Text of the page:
So they have an interest in the quality of our wooded areas (though with half an eye on any plantations they can rip up and replace with heathland or some such), they care about the British people having a relationship with and experience of nature, but they’re not that fussed about who holds the reins. They also have another concern. Like many NGOs, they’ve nurtured relationships with ‘the powers that be’ in order to influence from the inside. I don’t know for sure, but I’d be willing to bet they’re very good at this. Which means that direct and vocal criticism needs to be kept as a last resort and used only when nothing else is working. That’s hard for a grassroots campaigner to take, especially when everything happens behind the scenes.
Out of all the NGOs, the National Trust has probably upset people the most. I remember people tweeting that they felt the National Trust had effectively gone to bed with the Government, doing some back room deal to secure management of English treasures like the New Forest and Forest of Dean. I think these accusations have hurt the National Trust, who are currently running their own ‘consultation’, gauging the opinion of their members via their website and twitter. Their Director General Fiona Reynolds said on 9 February: “At the Trust we were not at all surprised by the level of public concern that’s been generated over the future of these priceless assets; indeed we share many of those concerns, having had no prior warning of what would be in the consultation paper.”
Next we have the Woodland Trust. They’ve taken a bit of flak from some quarters, which I think is unfair. The Woodland Trust are interested primarily in preserving and reclaiming ancient woodland, but they are also active in getting new woodlands planted. Like the RSPB, they’d quite like to see our conifer plantations restored to their former glory. Other than that, they are mainly concerned with ancient woodland. As they should be. They have started their own petition, which focuses on ancient woodland. I think this is fair enough, but they’ve also paid for a google advert so that any search relating to the forest disposal brings their site up first. This feels like blatant self promotion, and may hurt the Woodland Trust in the long term.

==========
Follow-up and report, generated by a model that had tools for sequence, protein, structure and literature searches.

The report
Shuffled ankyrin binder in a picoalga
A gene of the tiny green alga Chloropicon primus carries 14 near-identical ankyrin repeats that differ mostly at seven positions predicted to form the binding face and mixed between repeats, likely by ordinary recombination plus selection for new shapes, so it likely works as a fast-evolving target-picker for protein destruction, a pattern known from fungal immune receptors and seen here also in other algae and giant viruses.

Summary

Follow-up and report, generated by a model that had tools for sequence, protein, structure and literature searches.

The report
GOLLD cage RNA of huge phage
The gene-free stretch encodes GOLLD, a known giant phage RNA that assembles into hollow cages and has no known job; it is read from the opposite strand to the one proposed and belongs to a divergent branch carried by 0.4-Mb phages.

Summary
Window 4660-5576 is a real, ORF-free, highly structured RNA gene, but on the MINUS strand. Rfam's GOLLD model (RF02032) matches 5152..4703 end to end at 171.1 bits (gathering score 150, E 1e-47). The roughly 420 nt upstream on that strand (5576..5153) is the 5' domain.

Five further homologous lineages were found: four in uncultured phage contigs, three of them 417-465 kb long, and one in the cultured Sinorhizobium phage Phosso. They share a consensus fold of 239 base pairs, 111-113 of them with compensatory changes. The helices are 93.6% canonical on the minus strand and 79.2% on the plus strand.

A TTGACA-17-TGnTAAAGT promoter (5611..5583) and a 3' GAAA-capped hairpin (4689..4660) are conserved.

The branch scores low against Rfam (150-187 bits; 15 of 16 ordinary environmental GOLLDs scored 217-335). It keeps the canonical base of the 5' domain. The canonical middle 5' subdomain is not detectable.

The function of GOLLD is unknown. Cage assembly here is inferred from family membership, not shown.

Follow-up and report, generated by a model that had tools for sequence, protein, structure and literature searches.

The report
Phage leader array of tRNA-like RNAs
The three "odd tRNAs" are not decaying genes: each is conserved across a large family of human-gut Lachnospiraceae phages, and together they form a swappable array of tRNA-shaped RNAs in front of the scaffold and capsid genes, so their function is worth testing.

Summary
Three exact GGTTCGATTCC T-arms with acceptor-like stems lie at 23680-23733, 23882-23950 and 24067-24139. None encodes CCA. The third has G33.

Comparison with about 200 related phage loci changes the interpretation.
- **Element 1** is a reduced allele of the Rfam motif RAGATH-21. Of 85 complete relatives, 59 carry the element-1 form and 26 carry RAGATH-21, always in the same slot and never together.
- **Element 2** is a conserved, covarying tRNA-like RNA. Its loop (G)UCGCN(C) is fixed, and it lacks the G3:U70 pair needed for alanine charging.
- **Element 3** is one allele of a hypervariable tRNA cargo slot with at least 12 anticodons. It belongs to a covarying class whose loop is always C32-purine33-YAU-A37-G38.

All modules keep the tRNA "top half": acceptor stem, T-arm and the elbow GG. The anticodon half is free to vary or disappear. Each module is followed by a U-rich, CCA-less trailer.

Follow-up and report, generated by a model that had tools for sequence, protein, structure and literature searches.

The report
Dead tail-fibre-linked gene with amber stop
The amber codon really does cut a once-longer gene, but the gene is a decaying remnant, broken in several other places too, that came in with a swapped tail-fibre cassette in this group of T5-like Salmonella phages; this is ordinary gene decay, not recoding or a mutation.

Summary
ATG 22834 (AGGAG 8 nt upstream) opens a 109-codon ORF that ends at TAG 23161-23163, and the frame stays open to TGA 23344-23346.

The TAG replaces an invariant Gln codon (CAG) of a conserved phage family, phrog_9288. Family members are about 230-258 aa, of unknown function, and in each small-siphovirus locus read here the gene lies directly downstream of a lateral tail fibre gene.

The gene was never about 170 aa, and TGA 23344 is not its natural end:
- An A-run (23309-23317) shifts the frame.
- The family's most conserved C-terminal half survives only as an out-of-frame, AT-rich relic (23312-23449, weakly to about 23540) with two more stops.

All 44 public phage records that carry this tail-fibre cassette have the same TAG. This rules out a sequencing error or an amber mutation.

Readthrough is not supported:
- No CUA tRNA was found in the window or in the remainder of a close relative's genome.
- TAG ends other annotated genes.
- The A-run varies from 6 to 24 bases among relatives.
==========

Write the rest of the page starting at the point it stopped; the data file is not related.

Who else is getting involved? The Ramblers have issued a very short statement listing their concerns, which are (predictably): access, access, access. But come on, what did you expect? But on the other hand, in 1993 they were influential in persuading a previous Government to leave the Forestry Commission alone. I wonder what’s changed to make them so cautious this time? I don’t think they’re a big enough player to need to worry about losing influence, so why keep a low profile this time?
The Wildlife Trusts are a collective of regional charities. Each Trust is making it’s own response to the consultation, but the collective line is that on the one hand public disposal could be bad, but on the other hand state management hasn’t been great either. Take of that what you will. Having said that, the Wildlife Trusts are in a position to champion local woods that are under threat. So maybe not a strong national player, but potentially very powerful at the local level. And I don’t think they’d be that keen in raising the thousands of pounds needed to buy community woodlands.